The second story, The Executioner’s Beautiful Daughter, is a tale of incest in a small mountain village. The town is populated by ugly, hairy, and dirty peasants who have been banished from normal society for engaging in incest. They long to do terrible immoral and unconscionable things, but lack the understanding or know how to do so. As is fitting, the most terrible crime in this society is incest, and the sentence is death by decapitation from the town’s terrible executioner. When the story begins, we see him decapitate his own son for having a sexual relationship with his daughter, as she is the only beautiful person in the village. We learn that he is a hypocrite as he is the only person who does not have to fear being executed, he regularly engages in incest himself. The executioner is grotesque, as Carter describes how his face has become contorted to mirror his mask, and the way the daughter’s abuse is almost normal only makes it a more disturbing story as it gives the impression of the abuse being systematic. Everyday forced to serve her father’s whims as a servant and sexually at night the daughter dreams of her dead brother riding on a bicycle, even though she does not know what one is. The most interesting thing about the story is that nothing really happens, other than the execution of the son; the lack of any sort of action in the story perfectly displays the stoppage of time, which mirrors the stagnation of the village and its people. It is in this sense almost a painting or a snapshot of a moment.
The Loves of Lady Purple is third and the story I personally believe to be the best in the collection. The story is about a puppeteer and his beautiful puppet the oriental Venus Lady Purple, and the story he has concocted of her life that the puppet show consists of. Abandoned at the door of a wealthy couple as a baby, when she reaches sexually maturity she seduces her adopted father, before murdering both of her adopting parents, stealing the contents of the safe, and heading off to the nearest brothel. There she becomes an expert whore and a skilled dominatrix, taking many lovers, experiencing great pleasure in torturing them and ruining them all for her own enjoyment. Eventually though, her fortunes change and she is reduced to combing the shore in rags for the hair from drowned corpses that wash up on the beach to sell to the town’s wigmakers. Her sex-drive now nymphomania forces her to engage in acts of necrophilia. After the show one night, when the puppeteer engages in his habitual childish ritual of kissing the doll after every show, she comes to life and kisses him back, only to bite his neck, killing him. The story works so well because it is essentially about the way in which patriarchy dictates the roles of women. Lady Purple can only be what she is, and that is dictated by the history that the puppeteer has instilled in her. In a tautological question of whether life is imitating art or art is imitating life. On coming to life the puppet can only relive her own origin by murdering the one who loved and cared for her, and heading to the nearest brothel.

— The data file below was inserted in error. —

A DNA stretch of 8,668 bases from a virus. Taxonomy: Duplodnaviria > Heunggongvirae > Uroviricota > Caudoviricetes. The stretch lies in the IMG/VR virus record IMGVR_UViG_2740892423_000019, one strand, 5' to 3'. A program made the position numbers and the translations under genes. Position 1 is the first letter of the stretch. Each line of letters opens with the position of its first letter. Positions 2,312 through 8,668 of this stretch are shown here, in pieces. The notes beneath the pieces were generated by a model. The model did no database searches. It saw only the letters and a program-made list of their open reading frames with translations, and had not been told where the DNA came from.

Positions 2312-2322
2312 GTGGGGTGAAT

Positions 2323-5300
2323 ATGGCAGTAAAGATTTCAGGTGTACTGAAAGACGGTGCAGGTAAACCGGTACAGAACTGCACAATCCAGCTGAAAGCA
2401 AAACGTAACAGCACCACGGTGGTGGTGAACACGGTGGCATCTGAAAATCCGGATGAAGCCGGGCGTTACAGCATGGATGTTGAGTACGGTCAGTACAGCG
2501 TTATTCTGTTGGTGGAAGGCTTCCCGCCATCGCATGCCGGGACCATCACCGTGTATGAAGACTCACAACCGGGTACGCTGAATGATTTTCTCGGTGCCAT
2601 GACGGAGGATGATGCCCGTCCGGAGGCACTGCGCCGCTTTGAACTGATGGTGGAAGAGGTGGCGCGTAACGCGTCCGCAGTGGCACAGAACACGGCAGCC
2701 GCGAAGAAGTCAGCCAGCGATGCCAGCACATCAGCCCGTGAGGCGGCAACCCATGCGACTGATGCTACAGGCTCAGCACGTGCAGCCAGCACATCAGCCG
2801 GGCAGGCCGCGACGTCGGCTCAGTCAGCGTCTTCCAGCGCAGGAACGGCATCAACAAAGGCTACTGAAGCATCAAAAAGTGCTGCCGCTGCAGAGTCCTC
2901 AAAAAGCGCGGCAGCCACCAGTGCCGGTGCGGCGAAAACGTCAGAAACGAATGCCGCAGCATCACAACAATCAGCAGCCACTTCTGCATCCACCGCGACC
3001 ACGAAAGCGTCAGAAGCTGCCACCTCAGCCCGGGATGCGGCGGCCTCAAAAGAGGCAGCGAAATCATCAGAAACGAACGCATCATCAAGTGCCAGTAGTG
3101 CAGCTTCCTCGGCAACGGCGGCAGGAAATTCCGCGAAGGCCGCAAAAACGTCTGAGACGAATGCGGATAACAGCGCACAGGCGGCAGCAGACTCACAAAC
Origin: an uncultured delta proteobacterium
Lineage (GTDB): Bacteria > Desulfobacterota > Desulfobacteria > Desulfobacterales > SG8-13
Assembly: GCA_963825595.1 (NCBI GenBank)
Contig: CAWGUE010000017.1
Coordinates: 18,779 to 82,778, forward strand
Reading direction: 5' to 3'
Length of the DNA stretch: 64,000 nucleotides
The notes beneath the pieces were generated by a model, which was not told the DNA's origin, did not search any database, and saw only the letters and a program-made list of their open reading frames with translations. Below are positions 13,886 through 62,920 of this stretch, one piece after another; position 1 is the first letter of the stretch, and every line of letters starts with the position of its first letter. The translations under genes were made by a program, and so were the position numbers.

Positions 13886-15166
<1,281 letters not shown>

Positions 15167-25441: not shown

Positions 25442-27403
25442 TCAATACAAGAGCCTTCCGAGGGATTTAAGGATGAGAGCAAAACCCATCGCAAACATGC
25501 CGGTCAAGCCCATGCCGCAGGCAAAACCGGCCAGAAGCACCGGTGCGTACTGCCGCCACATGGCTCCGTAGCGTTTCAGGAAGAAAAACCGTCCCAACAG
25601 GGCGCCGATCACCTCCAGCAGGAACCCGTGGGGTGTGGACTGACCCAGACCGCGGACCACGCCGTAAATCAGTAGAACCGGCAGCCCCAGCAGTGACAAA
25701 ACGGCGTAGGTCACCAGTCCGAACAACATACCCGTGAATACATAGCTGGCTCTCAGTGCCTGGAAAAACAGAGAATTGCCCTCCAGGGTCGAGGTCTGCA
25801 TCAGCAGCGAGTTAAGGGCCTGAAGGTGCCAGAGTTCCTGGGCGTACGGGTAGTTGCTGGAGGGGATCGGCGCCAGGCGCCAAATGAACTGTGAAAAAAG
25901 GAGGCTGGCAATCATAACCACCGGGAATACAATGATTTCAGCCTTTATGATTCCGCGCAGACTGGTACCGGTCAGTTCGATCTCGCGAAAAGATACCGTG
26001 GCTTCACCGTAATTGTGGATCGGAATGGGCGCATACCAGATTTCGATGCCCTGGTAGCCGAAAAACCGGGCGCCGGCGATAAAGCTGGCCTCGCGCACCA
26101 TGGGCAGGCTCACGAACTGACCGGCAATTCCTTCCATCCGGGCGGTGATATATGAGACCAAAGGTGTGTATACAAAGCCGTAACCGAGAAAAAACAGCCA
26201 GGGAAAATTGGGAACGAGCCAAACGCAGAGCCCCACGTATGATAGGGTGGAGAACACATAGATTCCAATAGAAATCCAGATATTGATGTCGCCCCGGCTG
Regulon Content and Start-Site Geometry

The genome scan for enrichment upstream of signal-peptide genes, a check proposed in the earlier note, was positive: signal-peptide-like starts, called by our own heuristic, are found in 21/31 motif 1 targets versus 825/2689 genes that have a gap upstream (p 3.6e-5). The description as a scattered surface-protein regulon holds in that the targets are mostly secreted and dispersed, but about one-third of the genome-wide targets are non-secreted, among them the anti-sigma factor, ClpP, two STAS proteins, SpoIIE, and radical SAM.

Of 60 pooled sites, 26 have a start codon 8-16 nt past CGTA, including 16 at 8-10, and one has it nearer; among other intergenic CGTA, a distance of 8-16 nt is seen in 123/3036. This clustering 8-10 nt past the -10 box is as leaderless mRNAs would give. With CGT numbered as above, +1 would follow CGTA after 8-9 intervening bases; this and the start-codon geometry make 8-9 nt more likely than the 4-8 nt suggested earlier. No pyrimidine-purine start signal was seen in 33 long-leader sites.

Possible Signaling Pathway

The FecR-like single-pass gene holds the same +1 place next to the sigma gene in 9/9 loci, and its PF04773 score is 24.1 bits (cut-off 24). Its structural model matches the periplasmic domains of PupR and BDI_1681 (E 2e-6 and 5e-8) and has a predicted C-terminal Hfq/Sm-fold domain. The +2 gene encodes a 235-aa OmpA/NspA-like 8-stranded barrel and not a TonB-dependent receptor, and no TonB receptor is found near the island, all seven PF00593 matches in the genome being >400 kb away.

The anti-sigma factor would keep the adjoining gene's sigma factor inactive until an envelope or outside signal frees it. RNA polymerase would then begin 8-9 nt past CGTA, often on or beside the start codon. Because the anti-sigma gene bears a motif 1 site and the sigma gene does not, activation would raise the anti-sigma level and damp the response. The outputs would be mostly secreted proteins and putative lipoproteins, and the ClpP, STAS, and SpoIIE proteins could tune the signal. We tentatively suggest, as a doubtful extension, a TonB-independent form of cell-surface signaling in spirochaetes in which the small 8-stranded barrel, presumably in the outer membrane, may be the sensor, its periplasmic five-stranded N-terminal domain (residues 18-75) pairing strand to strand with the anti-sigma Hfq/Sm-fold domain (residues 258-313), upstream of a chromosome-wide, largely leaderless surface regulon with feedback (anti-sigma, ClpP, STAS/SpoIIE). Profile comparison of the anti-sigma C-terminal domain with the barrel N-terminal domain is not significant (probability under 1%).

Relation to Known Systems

In The Smile of Winter Carter really shows of her skill as a stylist as she uses the landscape of a desolate beach to convey the loneliness of a gaijin woman in Japan. She carefully adds each part of the landscape to paint a clear picture of isolation and loneliness: the absent sound of seagulls, the refuge washing up on the beach from the polluted sea, the hardhearted fisher women and more. As the protagonist describes the world around her, she knows that she is imposing herself onto it, personifying it in order to suit her own narrative. The ontological truth is that despite her egocentric view of the world, none of these things that she describes care about her loneliness or her sorrow, they are by the very nature of their existence indifferent. This becomes a sort of strength, as she writes in the final paragraph:
Do not think I do not realise what I am doing. I am making a composition using the following elements: the winter beach; the winter moon; the ocean; the women; the pine trees; the riders; the driftwood; the shells; the shapes of darkness and the shapes of the water; and the refuse. These are all inimical to my loneliness because of their indifference to it. Out of these pieces of inimical indifference, I intend to represent the desolate smile of winter which, as you must have gathered, is the smile I wear.